3) Therefore, humans can do something that computers can't do, namely, recognise the truth of Gödel sentences.

To the extent that a rationalist understands Gödel and still clings to his rationalism, he has rendered himself an irrationalist.

In this context, you could say that religions are "theories," so to speak (or visions), of the Complete and Consistent Object that reason can only know partially, or "through a glass, darkly," as the gag goes.

But fortunately, there are ways of knowing that transcend mere (lower case) reason. Indeed, I would say that man is entitled to an explanation that satisfies the demands of his Total Intelligence.

But as Schuon writes, "Only metaphysics can resolve [the] enigmas which faith imposes upon the believer," a faith which at the same time reflects "a certain instinct for the essential and for the supernatural."

To be continued...

Tuesday, April 11, 2017

On the Momentary Presence of God

This post totally got away from me. First, I was pulled into an unforeseen but promising rabbit hole that consumed much of my blogtime.

Then the post veered into a rather deepish province that required my utmost presence, just when I was running short of timelessness. I'm tempted to delay posting this, but why not? It's a start, anyway. We'll have to wait until tomorrow to find out it it's also the end...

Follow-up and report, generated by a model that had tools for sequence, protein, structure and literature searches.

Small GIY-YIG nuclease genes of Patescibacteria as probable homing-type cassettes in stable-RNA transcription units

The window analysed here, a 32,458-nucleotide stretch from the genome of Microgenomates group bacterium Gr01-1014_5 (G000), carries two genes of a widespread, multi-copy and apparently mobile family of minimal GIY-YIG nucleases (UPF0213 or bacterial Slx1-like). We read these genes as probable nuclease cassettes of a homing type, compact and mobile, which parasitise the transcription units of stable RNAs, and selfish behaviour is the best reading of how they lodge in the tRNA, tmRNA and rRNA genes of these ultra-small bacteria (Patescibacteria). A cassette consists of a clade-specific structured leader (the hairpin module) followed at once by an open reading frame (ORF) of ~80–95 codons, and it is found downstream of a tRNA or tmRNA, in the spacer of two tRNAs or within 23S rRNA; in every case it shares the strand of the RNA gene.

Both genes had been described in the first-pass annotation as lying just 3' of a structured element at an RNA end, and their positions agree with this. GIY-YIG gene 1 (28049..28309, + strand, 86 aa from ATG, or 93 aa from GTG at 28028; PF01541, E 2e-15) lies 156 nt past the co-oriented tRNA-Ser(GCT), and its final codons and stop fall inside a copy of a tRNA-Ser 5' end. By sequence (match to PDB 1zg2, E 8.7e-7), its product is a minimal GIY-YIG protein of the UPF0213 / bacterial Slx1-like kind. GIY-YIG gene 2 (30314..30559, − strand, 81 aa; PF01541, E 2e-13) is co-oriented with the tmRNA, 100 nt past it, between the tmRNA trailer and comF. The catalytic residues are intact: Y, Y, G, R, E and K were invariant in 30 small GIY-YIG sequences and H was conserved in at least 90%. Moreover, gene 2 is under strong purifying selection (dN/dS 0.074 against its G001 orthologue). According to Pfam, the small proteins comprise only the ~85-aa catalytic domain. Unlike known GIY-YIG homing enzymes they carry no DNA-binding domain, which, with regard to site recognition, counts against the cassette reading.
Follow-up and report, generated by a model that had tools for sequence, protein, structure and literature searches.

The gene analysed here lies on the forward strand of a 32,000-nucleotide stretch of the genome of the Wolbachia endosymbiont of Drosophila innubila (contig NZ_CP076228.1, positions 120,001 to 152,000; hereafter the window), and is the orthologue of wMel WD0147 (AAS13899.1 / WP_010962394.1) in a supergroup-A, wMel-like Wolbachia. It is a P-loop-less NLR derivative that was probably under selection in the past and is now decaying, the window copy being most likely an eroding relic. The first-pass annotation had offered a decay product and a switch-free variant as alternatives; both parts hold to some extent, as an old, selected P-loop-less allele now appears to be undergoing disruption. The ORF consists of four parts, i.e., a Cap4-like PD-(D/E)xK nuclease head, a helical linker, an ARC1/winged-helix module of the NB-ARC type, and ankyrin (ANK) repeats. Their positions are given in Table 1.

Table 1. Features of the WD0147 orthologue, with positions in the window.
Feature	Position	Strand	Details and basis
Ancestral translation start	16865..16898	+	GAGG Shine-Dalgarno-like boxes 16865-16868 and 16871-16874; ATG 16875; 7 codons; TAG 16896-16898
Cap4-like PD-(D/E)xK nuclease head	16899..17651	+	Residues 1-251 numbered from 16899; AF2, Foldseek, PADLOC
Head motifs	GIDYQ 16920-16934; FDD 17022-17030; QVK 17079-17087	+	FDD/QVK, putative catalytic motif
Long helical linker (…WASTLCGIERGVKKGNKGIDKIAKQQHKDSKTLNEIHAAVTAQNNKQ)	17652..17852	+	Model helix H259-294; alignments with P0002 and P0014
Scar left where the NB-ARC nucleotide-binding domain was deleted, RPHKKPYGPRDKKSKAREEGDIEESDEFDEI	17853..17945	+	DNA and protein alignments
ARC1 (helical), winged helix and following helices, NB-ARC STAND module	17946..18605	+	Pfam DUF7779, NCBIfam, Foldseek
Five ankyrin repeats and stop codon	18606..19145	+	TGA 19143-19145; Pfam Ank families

It's always hard to pick up the thread when we've set it aside for a few days. Maybe it's because our blogging is like journalism, only in an inverted sense.

To paraphrase Kierkegaard, everyday vulgar journalism is "of the moment, for the moment, and by the moment," such that "no man who has the least inkling of the eternal in his breast can cease to wage everlasting war" against its vacuity.

But wait a moment! Everything I write is of, for, and by the moment. So, what's the difference, if any?

Naturally we don't know, being that we are presently In the Moment and have never before pondered the question.

But the first thing that pops into our head is a comment by the Aphorist: One must live for the moment and for eternity. Not for the disloyalty of time. Sound advice, as usual, but is this what the journalist does?

It's like the difference between a properly religious existentialism vs. a merely atheistic one. Existentialism is fine, so long as it is grounded in a Being-ness, or Presence, that surpasses it.